ARMY coin: Is it linked to BTS?

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There’s been some controversy involving ARMY coin and K-Pop stars BTS. Let's take a look…

K-pop boy band BTS                                 
BTS’s management have distanced the K-Pop superstars from the ARMY coin cryptocurrency – Photo: Shutterstock


The management team behind the Korean pop music superstars BTS has ordered a new cryptocurrency to stop using the group’s image to promote itself. Hybe, the agency that works with BTS, has issued a statement saying that the group had nothing to do with the recently launched ARMY token. But what is ARMY coin? Is it legit, or a scam of some kind?  

What is ARMY coin?

The ARMY coin cryptocurrency was launched in late October on the Singapore-based Bitget exchange. At present, it cannot be bought with fiat currency but purely with the USDT (tether) stablecoin. There is a total supply of 10 billion ARMY coins and, at present, it is only available on Bitget. The Straits Times reported that, at one point, its price surged by more than 5,000%. According to the price chart used by Bitget, the army coin price was  around 0.007USDT on 27 October but rallied to just under 8USDT on 28 October. As of early afternoon on 1 November, the Army coin value was around 2.37USDT.

Those are the bare facts of the ARMY coin cryptocurrency. When it was launched it used images of the K-Pop stars to help promote it, this drew the attention of the Hybe agency

Hybe warns K-pop stans

The organisation said in a statement: “The agency has no connection with this cryptocurrency and it was listed without any discussion with us. Furthermore, photos of BTS were used to promote this cryptocurrency without the permission of Big Hit Music.”

Hybe said it was considering taking legal action on the matter and urged people who had lost money through investing in ARMY coin to take action, adding in the statement: “We are currently looking into the legal violations in this case, including the cryptocurrency’s infringement on our artists’ portrait rights without permission from or discussion with the agency. We will take legal action against all infringements and violations.”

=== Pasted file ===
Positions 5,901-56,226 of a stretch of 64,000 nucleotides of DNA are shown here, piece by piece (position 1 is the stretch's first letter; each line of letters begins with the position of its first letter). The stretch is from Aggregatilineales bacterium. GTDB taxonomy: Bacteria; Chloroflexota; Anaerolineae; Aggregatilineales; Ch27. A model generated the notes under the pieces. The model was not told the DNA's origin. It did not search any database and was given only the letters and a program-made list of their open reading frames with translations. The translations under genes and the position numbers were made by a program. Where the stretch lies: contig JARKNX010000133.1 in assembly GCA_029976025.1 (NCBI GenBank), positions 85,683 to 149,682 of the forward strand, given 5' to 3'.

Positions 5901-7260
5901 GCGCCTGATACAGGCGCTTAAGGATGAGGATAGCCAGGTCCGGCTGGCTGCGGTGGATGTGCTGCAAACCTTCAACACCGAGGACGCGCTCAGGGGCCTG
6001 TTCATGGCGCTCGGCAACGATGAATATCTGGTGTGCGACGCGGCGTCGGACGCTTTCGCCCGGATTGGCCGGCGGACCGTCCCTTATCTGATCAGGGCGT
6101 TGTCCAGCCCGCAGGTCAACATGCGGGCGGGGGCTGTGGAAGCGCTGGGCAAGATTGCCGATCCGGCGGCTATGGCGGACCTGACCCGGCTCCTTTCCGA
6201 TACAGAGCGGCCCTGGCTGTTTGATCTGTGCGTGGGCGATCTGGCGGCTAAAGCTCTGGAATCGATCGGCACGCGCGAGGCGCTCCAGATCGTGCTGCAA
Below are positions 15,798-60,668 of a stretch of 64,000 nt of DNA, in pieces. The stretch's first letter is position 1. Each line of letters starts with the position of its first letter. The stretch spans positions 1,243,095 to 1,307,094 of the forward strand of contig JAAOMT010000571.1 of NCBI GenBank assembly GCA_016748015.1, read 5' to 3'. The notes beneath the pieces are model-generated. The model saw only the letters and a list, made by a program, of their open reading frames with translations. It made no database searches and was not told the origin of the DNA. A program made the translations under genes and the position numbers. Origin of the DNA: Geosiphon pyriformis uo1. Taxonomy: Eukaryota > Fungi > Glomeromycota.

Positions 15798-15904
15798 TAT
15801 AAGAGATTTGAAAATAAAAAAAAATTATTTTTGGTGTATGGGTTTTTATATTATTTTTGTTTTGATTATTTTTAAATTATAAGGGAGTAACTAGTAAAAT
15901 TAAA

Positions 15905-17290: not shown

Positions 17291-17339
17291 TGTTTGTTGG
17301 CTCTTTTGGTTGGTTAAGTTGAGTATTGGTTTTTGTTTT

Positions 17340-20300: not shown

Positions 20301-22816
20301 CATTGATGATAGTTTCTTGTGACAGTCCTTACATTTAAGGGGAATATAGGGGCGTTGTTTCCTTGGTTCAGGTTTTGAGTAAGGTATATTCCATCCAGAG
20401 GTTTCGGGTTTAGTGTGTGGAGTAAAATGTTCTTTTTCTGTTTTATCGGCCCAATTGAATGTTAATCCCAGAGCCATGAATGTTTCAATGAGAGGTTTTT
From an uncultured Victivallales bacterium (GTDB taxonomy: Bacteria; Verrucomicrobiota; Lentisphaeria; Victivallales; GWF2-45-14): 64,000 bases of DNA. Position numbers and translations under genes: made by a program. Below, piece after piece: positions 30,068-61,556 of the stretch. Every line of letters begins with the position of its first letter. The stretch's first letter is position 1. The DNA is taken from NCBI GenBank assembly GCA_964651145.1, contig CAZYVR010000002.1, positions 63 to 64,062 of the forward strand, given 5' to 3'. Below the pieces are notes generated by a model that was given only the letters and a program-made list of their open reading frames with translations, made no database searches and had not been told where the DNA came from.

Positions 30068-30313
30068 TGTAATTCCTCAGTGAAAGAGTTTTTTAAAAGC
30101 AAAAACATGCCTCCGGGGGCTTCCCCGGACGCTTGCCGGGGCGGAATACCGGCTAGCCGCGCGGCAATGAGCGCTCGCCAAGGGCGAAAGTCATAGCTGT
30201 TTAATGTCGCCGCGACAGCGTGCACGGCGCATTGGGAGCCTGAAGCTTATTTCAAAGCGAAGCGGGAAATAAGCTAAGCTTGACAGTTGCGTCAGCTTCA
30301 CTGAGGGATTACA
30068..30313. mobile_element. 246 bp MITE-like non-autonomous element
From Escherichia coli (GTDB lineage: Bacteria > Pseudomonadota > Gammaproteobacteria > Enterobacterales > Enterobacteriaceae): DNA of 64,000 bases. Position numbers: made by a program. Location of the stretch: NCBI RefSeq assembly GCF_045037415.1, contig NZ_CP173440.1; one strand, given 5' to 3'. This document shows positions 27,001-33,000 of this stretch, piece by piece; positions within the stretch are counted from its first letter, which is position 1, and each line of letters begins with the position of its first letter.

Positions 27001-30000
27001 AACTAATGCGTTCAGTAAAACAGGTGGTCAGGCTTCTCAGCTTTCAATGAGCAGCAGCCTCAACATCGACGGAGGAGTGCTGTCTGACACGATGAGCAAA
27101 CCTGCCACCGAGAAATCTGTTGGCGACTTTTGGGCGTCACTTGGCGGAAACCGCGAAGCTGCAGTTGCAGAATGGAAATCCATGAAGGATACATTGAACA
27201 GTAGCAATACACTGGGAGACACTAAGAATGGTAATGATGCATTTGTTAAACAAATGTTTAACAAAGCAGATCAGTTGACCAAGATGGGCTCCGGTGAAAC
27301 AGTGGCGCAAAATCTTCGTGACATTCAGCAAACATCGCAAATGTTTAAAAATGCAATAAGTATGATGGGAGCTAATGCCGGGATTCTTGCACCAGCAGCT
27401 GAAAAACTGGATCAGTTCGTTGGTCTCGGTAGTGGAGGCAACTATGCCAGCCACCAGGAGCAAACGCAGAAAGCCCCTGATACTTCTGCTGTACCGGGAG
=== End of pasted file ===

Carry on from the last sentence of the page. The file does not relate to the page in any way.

The agency also accused the person or persons behind ARMY of implying the token was linked to BTS, saying: “Currently, we have confirmed that the cryptocurrency has been sharing false information with traders in group chats such as, ‘This was made for BTS’ and ‘This exists to maximise BTS’ profits.’

“We ask that everyone be careful in order to avoid falling victim. If you have been financially victimised, please immediately inform the nearby police or investigation agency.”

BTS is one of the biggest acts in the world, with its May 2021 single Butter breaking records for the most Spotify streams and most YouTube views in its first 24 hours. The seven-piece act has had three UK top 10 singles and sold more than 20 million physical albums worldwide, making it the most commercially successful Korean band of all time. The group’s fans are nicknamed the BTS Army, which gives its name to the new crypto. 

ARMY coin logo
The ARMY coin logo

ARMY coin explained

As of 1 November, there was a message at the top of the ARMY coin website saying: “This project has absolutely no connection with official fan club ARMY and BTS’ talent company Hybecorp. Instead we would like to point out that this project was made out of pure dedication towards BTS as fans.”

There appears to be little or no information about on who set up the ARMY token. Though it is reasonable to assume this person is a fan of BTS it might also be someone looking to exploit K-pop fans into handing over their money, or at least, their tether coins, and then running off with it. Being generous and assuming the person who set up the token is doing so out of a love of BTS and their music, one thing to note is that on the crypto’s website BTS are referred to as ‘oppas’. This is a Korean term meaning ‘elder brother’, which is used by younger females to refer to older males whom they are close to. So, it might be fair to assume the founder of the token is female – or it could be someone playing at being a starstruck fangirl in an attempt to win trust.